Lampasse(s) (German: Lampasse(n).) are in a large number of national armed forces trouser stripes. In German speaking countries as General Staff–qualified officers, their uniform featured these distinctive double-wide lampasses. Because of the similar spelling, it should not be mixed up with the Lampas (French: Lampas).) which is of different meaning.
For general officers of the German Bundeswehr the tradition to use lampasses was given up in 1956. However, general officers of the National People's Army, Volkspolizei and Stasi, as well as flag officers of the Volksmarine wore double-wide lampasses on uniform trousers in the appropriate corps colour until1990.
- See also
- Main article: Corps colours (NPA)
In the In Germany today the general officers of the Bundespolizei wear double-wide Lampasses in deep green.
Red double-wide lampasses of the Wuerttemberg 3rd Kavalery-Regiment, 1825.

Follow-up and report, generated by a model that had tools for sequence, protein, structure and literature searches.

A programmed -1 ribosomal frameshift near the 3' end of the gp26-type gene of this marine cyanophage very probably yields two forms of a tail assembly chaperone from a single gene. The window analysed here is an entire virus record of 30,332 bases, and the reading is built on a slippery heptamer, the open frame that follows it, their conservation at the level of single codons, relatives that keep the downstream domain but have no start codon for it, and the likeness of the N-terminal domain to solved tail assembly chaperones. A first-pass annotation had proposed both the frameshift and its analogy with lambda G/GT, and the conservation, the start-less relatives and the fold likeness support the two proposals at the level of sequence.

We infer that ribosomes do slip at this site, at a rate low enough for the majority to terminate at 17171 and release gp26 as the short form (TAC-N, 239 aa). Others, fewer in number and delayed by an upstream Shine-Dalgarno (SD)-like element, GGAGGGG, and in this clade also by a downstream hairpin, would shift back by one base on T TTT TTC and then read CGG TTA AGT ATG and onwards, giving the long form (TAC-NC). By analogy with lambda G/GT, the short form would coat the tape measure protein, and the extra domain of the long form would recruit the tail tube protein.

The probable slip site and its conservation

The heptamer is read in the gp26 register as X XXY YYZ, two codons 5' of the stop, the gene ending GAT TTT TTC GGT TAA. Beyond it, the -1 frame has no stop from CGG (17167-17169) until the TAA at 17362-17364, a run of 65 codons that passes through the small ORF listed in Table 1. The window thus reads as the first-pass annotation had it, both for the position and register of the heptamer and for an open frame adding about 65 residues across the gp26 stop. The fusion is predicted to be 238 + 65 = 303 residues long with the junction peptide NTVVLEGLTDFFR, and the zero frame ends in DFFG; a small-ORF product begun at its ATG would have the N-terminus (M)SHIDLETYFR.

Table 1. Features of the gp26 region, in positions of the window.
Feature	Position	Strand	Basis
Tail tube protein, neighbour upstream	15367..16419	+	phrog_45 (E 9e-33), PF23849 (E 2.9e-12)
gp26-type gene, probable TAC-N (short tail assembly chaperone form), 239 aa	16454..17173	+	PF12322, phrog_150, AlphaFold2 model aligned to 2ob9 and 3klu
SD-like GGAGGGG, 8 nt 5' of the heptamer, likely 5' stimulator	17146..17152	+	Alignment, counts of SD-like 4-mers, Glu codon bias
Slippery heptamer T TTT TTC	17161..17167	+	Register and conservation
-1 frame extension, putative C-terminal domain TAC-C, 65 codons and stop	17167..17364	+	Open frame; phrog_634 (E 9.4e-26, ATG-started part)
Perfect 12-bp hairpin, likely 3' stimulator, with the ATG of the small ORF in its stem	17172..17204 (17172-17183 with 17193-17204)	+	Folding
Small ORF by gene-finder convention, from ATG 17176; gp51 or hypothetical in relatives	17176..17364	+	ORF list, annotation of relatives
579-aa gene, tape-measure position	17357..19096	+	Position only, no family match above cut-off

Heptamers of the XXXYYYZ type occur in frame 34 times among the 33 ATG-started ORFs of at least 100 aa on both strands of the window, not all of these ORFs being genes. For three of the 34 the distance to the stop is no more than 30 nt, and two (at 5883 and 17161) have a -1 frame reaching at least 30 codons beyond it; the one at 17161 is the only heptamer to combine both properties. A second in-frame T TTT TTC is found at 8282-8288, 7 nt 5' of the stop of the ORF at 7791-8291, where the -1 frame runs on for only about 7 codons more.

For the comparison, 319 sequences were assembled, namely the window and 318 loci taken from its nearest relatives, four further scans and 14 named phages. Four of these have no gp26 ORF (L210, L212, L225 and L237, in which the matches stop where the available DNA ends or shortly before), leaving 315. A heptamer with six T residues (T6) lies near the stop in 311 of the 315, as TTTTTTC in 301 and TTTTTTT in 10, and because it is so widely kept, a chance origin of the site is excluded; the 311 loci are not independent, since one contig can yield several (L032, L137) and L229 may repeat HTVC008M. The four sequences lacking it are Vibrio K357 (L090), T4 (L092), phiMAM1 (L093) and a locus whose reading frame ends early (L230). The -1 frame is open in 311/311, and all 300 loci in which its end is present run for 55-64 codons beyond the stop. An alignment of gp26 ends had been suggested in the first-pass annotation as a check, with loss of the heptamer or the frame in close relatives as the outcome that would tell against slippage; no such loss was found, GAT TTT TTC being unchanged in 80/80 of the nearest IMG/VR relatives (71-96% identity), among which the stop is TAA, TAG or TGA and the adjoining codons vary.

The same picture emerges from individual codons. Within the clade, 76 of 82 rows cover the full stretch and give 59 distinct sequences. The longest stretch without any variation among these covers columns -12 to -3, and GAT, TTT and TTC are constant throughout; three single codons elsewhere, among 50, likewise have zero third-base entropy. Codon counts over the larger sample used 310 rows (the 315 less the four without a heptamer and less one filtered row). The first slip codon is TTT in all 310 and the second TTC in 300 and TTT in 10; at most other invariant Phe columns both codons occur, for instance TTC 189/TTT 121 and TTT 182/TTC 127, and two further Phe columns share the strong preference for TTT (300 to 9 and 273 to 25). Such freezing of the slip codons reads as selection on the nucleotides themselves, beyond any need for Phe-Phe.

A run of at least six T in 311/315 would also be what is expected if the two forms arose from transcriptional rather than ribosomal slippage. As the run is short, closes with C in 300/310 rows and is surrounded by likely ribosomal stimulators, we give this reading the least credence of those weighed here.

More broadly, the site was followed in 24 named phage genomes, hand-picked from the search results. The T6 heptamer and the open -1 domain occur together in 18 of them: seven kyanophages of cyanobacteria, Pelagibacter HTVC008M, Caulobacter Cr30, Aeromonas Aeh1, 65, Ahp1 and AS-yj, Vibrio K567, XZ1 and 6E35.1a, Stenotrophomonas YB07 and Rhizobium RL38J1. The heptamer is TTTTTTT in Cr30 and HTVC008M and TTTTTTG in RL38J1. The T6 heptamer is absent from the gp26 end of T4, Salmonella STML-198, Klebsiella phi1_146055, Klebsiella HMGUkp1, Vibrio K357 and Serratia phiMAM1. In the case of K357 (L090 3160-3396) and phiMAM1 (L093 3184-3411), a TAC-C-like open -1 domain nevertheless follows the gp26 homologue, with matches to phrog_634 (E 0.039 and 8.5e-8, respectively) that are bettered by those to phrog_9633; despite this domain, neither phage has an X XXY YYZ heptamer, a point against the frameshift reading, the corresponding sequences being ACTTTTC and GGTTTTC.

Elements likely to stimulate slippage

Red double-wide lampasses of the Prussian General officers.
Mounted officer with red lampasses.
Friedrich Wilhelm III with red double-lampasses.
Lampasses are worn even today in a large number of national armed forces on Dress uniform, Full dress uniform, or duty uniform of general officers. The gold-coloured lampasses of the US-Cavalry is also well known.
Sources / references
- BROCKHAUS Encyclopaedia in 24 Volumes, volume 13: 3-7653-3673-4, 2001, P. 27. (German)
- Word and tradition in the German Army (de: Heer), by Transfeldt – v. Brand – Quenstedt, 6th increased edition, Hamburg 11 H.G. Schulz 1967, p. 55/§76, Lampasse